Too bad they’re focusing on building outdated trucks rather than coming out with new tech like the competitors

    • Goldie says:

      By “outdated”, what exactly do you mean? The new Tacoma engine is pretty advanced.

      • DJ says:

        Still trotting out an engine designed in 2006 and expecting it to be competitive with things designed in 12-14′. Just not realistic and that’s why it’s no longer competitive in HP and MPG numbers. See last half ton test, dead last in everything, pretty sad to see. Time to step it up.

        • Goldie says:

          The new “high tech” GM ecotech engines can not independently vary the valve timing on both the intake and exhaust like the “old” 3UR-FE. Cylinder deactivation, hopefully GM has all the bugs fixed now. None of those things are anything new. You do know that Toyota has been producing engines with direct injection since 1998 right? And port and direct injection is the better way to go. After many years of having carbon buildup problems, even VW is going the port/direct injection route. Fuel economy is just on small part of the total cost of ownership. The more reliable motor will cost less in the long run.

  3. LJC says:

    How can the Texas Tundra plant be at capacity?
    I thought it could produce 200,000 Tundra’s a year?

    Here’s my source:

    • Tim Esterdahl says:


      Production is split between Tacoma and Tundra. Tacoma production moved down there from Indiana after the San Antonio plant was built that is why Wiki is off.


  4. ricqik says:

    How is toyota maxed at 120k when near 200k was possible back in ’08.

  5. Brian J says:

    I think the real question is: Will Toyota get a clue by living in TX? Let’s start with the easy things, Toyota:
    1.) 6.5 ft bed on crewmax
    2.) 33 gal fuel tank
    3.) minimum 22mpg HWY on the top of the line engine

    I KNOW they have the technology to do all of these…and this would just keep them barely on par with the competition. The 2007 Tundra was the “truck that changed it all.” With Nissan releasing the new Titan XD it seems like Tundra is the new Titan. Old technology and worst in class gas mileage.

    • Larry says:

      Just wondering, why do so many people ask for a 6.5 foot bed? Seems kind of small to be useful. Kind of turns a truck into a Suburban or Sequoia type thing which can move more people.

      About the fuel tank, at 15 MPG 25 gallons goes 375 miles, 33 gallons goes 495. Se we have about 120 miles more travel, doesn’t seem like all that much. Can’t think of any place that 120 miles might cause us an out of fuel condition. I agree, I would prefer 33 gallons, my truck has 38, but, is it a top priority and a deal breaker? Just wondering?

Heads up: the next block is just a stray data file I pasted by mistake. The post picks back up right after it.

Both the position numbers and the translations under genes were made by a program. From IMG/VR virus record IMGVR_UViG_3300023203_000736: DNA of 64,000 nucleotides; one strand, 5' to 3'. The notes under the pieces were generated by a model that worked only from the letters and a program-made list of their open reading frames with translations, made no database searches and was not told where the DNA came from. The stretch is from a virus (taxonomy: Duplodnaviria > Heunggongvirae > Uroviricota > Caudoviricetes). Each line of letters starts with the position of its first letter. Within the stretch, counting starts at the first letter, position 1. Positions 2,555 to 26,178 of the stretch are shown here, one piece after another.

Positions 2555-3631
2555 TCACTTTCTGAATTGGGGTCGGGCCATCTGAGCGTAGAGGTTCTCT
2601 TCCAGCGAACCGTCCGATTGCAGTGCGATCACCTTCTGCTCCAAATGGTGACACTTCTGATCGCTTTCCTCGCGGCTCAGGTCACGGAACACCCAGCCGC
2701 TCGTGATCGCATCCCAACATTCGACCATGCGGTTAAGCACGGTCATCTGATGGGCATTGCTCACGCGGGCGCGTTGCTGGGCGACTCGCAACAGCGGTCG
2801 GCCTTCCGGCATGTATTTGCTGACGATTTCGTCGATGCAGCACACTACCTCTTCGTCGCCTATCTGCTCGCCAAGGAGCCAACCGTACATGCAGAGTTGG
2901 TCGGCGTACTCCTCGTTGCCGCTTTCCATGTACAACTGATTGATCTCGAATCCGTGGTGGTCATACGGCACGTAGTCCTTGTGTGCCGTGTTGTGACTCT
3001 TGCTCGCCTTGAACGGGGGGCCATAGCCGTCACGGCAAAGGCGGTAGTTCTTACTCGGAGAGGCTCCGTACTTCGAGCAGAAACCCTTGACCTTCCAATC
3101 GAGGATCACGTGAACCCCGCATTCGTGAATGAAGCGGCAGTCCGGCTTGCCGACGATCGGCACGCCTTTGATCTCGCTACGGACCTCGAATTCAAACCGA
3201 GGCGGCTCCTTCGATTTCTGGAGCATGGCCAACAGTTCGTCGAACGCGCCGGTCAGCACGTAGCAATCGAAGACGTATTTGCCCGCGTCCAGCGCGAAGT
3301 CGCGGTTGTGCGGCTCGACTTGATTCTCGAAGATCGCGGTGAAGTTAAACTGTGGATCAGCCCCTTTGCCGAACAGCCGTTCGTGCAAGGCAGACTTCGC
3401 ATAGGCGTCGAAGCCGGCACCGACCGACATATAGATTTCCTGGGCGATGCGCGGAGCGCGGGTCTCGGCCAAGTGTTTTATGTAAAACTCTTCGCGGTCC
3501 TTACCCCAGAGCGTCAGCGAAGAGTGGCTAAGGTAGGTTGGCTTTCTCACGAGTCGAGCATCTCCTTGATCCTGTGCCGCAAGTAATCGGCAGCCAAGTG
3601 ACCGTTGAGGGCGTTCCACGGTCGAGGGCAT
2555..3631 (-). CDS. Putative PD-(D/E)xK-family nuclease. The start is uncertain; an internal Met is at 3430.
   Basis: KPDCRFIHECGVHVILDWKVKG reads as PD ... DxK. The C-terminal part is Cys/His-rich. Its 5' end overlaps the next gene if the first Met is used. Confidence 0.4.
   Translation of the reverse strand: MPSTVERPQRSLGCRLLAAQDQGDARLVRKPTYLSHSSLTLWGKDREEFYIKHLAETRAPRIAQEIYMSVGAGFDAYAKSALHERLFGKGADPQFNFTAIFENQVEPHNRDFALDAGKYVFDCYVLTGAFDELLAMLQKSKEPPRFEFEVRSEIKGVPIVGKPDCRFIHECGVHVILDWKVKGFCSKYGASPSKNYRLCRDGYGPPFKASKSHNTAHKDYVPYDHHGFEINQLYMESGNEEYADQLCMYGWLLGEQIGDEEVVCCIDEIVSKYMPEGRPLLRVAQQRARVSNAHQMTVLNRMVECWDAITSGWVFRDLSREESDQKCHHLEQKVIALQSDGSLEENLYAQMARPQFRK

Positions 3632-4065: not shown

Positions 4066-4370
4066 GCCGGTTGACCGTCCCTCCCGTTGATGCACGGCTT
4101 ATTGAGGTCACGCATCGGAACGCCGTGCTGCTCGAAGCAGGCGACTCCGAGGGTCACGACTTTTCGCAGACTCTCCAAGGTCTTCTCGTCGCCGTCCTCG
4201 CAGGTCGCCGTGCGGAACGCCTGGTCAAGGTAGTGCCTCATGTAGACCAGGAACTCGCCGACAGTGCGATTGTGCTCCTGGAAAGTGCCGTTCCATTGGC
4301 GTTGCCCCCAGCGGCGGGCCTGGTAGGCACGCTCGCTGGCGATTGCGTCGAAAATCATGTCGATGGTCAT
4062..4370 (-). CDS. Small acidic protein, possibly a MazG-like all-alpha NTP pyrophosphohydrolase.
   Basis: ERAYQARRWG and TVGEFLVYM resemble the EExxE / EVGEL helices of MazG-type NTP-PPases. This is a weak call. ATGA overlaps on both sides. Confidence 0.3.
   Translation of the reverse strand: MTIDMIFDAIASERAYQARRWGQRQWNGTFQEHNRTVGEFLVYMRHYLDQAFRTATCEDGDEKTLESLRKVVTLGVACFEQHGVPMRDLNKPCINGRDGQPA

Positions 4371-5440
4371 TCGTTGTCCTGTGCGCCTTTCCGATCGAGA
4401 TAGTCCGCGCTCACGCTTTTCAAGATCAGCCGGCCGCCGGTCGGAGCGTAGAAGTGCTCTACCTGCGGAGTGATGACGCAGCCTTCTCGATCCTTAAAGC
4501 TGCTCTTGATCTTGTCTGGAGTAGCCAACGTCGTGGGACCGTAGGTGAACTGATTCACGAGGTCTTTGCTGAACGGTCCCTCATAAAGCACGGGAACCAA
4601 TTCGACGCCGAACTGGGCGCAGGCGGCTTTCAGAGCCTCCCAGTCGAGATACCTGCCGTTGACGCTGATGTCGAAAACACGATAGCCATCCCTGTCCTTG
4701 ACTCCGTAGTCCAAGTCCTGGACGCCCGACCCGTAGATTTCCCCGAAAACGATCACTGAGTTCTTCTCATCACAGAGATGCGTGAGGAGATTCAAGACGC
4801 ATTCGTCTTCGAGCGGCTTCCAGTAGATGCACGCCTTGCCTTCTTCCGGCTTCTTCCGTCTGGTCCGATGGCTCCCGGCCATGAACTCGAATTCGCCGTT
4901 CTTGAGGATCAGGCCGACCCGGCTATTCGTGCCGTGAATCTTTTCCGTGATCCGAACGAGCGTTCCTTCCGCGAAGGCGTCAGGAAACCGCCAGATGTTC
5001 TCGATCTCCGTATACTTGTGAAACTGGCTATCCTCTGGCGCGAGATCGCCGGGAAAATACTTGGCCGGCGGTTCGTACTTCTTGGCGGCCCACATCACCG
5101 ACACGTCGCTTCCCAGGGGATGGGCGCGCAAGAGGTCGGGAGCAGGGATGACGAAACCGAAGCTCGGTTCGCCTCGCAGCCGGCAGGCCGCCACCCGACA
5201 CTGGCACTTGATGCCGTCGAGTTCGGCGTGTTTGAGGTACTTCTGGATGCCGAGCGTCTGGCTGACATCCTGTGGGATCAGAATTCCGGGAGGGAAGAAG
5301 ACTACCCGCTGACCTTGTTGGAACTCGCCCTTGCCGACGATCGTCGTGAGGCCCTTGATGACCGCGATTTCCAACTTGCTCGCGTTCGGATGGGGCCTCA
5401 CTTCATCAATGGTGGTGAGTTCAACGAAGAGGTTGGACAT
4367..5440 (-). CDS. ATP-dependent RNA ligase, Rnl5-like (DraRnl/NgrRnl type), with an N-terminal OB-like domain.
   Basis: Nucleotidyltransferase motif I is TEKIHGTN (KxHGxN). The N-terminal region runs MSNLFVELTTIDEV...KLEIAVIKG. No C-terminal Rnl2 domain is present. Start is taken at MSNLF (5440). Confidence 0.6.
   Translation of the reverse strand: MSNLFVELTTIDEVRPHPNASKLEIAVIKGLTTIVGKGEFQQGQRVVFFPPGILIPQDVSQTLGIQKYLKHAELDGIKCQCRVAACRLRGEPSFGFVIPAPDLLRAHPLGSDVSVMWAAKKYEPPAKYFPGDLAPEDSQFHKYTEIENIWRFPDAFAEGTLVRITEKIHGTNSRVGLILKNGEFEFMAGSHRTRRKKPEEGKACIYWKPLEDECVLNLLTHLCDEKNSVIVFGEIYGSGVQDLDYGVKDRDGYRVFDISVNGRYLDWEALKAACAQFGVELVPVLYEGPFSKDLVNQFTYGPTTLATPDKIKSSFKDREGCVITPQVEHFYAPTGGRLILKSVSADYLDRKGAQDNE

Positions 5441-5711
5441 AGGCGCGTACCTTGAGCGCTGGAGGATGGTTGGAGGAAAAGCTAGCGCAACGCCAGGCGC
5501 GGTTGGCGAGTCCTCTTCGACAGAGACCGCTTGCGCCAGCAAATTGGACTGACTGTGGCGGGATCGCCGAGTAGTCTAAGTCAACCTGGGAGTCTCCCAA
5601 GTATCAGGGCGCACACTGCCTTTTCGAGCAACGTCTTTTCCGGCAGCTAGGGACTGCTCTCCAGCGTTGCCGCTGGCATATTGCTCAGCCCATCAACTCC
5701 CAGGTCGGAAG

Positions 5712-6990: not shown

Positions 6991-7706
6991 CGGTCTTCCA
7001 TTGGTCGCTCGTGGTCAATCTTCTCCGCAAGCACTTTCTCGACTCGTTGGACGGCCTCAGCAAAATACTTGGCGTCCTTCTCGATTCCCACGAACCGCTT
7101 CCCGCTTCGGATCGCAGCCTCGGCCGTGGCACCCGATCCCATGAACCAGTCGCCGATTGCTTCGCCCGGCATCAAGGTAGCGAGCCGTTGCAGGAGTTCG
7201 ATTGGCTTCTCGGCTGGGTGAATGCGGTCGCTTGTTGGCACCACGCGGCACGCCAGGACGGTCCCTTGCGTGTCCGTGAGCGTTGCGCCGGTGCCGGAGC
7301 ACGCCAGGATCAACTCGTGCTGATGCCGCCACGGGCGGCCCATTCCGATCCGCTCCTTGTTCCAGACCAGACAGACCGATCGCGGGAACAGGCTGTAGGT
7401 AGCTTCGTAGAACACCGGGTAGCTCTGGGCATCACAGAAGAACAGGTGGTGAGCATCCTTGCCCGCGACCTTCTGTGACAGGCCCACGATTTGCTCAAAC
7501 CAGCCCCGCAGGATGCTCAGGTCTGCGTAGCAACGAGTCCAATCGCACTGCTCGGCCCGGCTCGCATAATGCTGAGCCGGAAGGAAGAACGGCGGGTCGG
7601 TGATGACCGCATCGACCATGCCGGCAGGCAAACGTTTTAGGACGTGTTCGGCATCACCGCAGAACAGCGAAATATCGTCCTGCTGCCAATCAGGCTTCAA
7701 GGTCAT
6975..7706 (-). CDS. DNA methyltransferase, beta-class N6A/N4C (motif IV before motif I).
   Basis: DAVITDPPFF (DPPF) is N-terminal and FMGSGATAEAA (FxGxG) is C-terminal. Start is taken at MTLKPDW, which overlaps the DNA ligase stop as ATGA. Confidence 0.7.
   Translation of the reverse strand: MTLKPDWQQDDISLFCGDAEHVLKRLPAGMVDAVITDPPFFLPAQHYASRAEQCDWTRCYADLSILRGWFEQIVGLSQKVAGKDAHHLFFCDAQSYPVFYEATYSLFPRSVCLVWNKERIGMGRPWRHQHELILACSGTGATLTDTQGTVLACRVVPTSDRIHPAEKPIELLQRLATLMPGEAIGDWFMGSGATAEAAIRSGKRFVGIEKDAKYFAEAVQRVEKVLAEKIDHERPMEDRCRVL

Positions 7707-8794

• Brian J says:

        When the CMax only comes with a 5.5 ft bed, a 6.5 ft bed is a significant improvement. An 8 ft bed is available with the double cab for those with the real cargo carrying need. The 6.5 ft bed bridges the gap for those of us who need to carry passengers and cargo.

        As far as the fuel tank capacity: Is it a deal breaker? Probably not. Its a convenience issue. When driving long distances pulling a trailer and getting 12 mpg that 26 gallons flashes by in a hurry. I usually get gas at 1/4 tank to prevent an out of fuel condition, so at that rate I am stopping every 3.5 hrs to gas up. So yeah, an extra 120 miles is a big deal.

        The other truck makers offer these conveniences, why not Toyota? Again, they need to be competitive. They’re not with the current truck. I really think the only reason they sell as many as they do is because its a Toyota. If the Nissan can be reliable, I think they will be a serious threat to Toyota with the new Titan.

    • mendonsy says:

      Those are all worthy suggestions. What bothers me the most is the continuous pattern that started in 2010 with removing content from the Tundra each year. The ’07-09 were great trucks, the newer ones are lacking and no longer compare to the competition!

  6. Randy says:

    Funny Facts Peeps Overlook:

    Toyota truck production is split among two plants for North America. They are currently at capacity for both Tacoma and Tundra.

    It appears West Texas Crude will be at $30 a barrel soon. The layoffs have already started in a very big way. The construction downturn will follow quickly this year.

    Halliburton Co. and Schlumberger Ltd are now attempting to gain serious market share at the expense of each other. The biggest oil companies are not worried at all; they have plenty of cheap old oil in the ground and can still make big profits at $25 a barrel, with no fracking required.

    T. Boone Pickens says, once the majors (oil companies) get what they want out of the oil market changes (the players), the price of oil should be back to about $100 a barrel in 24 months.